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Emmanuel Macron will join his fellow world leaders for the three-day G7 summit at the Alpine castle of Schloss Elmau in southern Germany today. Representatives from Canada, France, Italy, Japan, the United Kingdom and the United States will be present, and the German Presidency has also invited leaders from Argentina, India, Indonesia, Senegal and South Africa for some sessions. Russia’s war on Ukraine will be on the agenda, with world leaders invited to discuss how to stabilize global energy markets. Mr Macron also attends summits for the EU and the NATO military alliance.
France’s centrist president, who won re-election in April, suffered a huge political setback last Sunday after voters pronounced a hung parliament as far-left and right-wing parties devoured the majority he enjoyed in his first term.
Before entering French politics, Mr Macron was an investment banker, adding millions of euros to his net worth, which today stands at around €550,000 (£474,000).
In 2008, he joined Rothschild & Cie Banque in Paris, the French subsidiary of the international financial group Rothschild.
Mr. Macron rose quickly in the company and was an adviser to Philippe Tillous-Borde, CEO of the Avril group.
At Rothschild, the French leader was tasked with Nestlé’s €9bn (£7.8bn) acquisition of Pfizer’s baby food division.
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Macron’s fortune – The French president has reaped millions from his banking career
Schloss Elmau: the Alpine castle is the location of the G7 summit
The deal made Mr Macron a millionaire for the first time, earning him €2.9m (£2.5m) for brokering the takeover.
The banking abilities of the French leader have earned him the nickname “Mozart of finance”, according to the Financial Times.
By the time Mr Macron left the bank in 2012, he had earned around €5m (£4.3m) in total, according to his official accounts.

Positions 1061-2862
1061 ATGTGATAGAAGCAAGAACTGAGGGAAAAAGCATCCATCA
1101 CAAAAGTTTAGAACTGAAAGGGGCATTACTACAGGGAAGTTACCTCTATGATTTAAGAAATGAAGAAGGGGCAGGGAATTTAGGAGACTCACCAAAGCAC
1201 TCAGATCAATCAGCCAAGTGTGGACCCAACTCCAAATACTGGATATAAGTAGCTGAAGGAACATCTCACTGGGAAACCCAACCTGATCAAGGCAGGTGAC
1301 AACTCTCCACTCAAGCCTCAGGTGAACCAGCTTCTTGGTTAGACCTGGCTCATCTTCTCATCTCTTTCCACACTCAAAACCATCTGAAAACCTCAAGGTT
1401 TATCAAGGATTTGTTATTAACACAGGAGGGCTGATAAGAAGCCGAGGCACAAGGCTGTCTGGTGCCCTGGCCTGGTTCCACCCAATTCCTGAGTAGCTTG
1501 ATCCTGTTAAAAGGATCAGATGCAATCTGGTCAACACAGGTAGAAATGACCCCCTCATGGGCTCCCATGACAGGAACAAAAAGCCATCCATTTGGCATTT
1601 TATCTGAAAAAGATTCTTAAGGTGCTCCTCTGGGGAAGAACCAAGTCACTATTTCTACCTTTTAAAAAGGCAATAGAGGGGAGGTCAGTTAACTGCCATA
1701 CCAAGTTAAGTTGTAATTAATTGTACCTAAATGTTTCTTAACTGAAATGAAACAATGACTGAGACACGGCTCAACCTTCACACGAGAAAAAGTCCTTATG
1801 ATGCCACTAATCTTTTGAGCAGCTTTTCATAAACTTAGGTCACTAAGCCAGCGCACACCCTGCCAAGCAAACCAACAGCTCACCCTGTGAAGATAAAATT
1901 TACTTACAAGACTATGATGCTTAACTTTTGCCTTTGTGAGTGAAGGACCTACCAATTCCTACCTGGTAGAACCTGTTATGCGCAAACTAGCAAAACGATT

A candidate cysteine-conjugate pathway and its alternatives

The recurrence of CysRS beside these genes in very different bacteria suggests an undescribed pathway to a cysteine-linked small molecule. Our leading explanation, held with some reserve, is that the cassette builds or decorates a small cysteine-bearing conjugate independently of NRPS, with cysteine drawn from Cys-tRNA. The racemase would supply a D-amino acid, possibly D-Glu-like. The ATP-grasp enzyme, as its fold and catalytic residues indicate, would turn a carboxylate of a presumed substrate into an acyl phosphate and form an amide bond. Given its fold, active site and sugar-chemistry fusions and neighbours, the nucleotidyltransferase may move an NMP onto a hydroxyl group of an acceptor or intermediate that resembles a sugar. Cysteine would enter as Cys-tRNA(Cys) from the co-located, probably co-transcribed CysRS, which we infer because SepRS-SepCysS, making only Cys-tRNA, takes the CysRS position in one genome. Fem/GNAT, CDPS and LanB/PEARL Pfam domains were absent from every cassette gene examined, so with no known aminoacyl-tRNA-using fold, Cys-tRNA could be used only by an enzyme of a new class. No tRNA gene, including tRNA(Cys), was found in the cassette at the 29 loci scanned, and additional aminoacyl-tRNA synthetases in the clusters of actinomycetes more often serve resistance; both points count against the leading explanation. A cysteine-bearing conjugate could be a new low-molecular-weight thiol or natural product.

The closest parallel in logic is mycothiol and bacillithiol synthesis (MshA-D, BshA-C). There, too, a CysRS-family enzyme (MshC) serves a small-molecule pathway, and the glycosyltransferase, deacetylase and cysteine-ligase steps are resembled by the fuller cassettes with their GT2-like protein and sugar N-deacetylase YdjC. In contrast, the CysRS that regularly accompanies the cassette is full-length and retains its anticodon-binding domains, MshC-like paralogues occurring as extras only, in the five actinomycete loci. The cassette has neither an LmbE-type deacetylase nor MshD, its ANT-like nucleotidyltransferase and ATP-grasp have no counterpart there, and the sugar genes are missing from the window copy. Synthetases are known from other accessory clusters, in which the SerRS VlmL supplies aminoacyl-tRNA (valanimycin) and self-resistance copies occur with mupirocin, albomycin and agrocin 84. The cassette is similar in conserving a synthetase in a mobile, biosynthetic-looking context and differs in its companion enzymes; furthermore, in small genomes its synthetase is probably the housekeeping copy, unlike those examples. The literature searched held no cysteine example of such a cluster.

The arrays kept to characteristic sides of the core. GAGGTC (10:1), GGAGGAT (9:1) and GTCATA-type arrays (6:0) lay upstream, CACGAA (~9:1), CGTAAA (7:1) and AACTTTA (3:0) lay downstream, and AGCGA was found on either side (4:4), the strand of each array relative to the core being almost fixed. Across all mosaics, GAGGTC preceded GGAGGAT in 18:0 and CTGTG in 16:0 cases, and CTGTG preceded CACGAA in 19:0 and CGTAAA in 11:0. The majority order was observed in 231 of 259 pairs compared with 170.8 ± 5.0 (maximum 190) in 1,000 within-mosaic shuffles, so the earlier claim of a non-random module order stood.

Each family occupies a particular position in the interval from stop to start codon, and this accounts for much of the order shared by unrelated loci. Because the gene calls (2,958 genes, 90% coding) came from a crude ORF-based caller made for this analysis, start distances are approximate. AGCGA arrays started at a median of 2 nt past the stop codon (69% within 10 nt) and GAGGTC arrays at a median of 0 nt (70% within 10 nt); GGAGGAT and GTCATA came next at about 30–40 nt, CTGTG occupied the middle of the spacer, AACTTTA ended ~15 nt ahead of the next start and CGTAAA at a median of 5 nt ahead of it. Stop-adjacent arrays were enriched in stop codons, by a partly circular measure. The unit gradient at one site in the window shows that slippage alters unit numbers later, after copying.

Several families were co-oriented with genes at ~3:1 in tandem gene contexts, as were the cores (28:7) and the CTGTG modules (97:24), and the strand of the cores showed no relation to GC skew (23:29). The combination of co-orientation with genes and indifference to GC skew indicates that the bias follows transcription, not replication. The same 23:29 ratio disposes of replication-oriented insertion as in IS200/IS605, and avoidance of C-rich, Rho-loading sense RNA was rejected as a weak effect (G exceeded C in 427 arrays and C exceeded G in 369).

However, the French leader’s fortunes have dwindled in the years since he entered the Elysée Palace.
A career in public service led him to a position as Deputy Secretary General to the President in 2012.
New face: Macron on the economic growth panel, 2007
A few years later, he landed a cabinet post as economy minister, a position he held until 2016.
But when he was elected president in 2017, he admitted he didn’t own his own car and his wife Brigitte owned their house.
His mandatory deposits for that year revealed statements of £110,000 to the bank, a book advance from his publisher worth around £250,000 and shares worth around £53,000 .
The discrepancies between his wealth as a presidential candidate and his career as a banker raised difficult questions for the French leader during the campaign.
However, he claimed he was hit by France’s high income tax and there came a time when he couldn’t pay it.
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Macron: With his wife Brigitte Macron
In his mandatory declaration during this year’s presidential race, his net worth appeared just as modest as it was five years ago.
His assets amounted to €550,000 (£474,000), consisting mainly of bank accounts and financial products.
He earned €900,000 (£730,000) in net taxable income from the start of his first term as chairman until December 31, 2021.
His statement revealed a life insurance policy with a cash value of €113,000 (£98,000).
It also included debts of around €122,500 (£106,000) on a works loan, which Mr Macron took out in 2011.
Macron: Profile of the French President
The incumbent’s wealth in 2022 was relatively low compared to some of the other twelve presidential candidates.
Right-wing challenger Valérie Pécresse declared assets of €9.7m (£8.4m), which included three properties.
The president of Île-de-France also has a large art collection and millions of euros in life insurance, pension plans, stock options, savings accounts and current accounts.
Meanwhile, far-right candidate Eric Zemmour declared assets of €4.2m (£3.6m), which included owning or co-owning five flats and his property of a publishing house.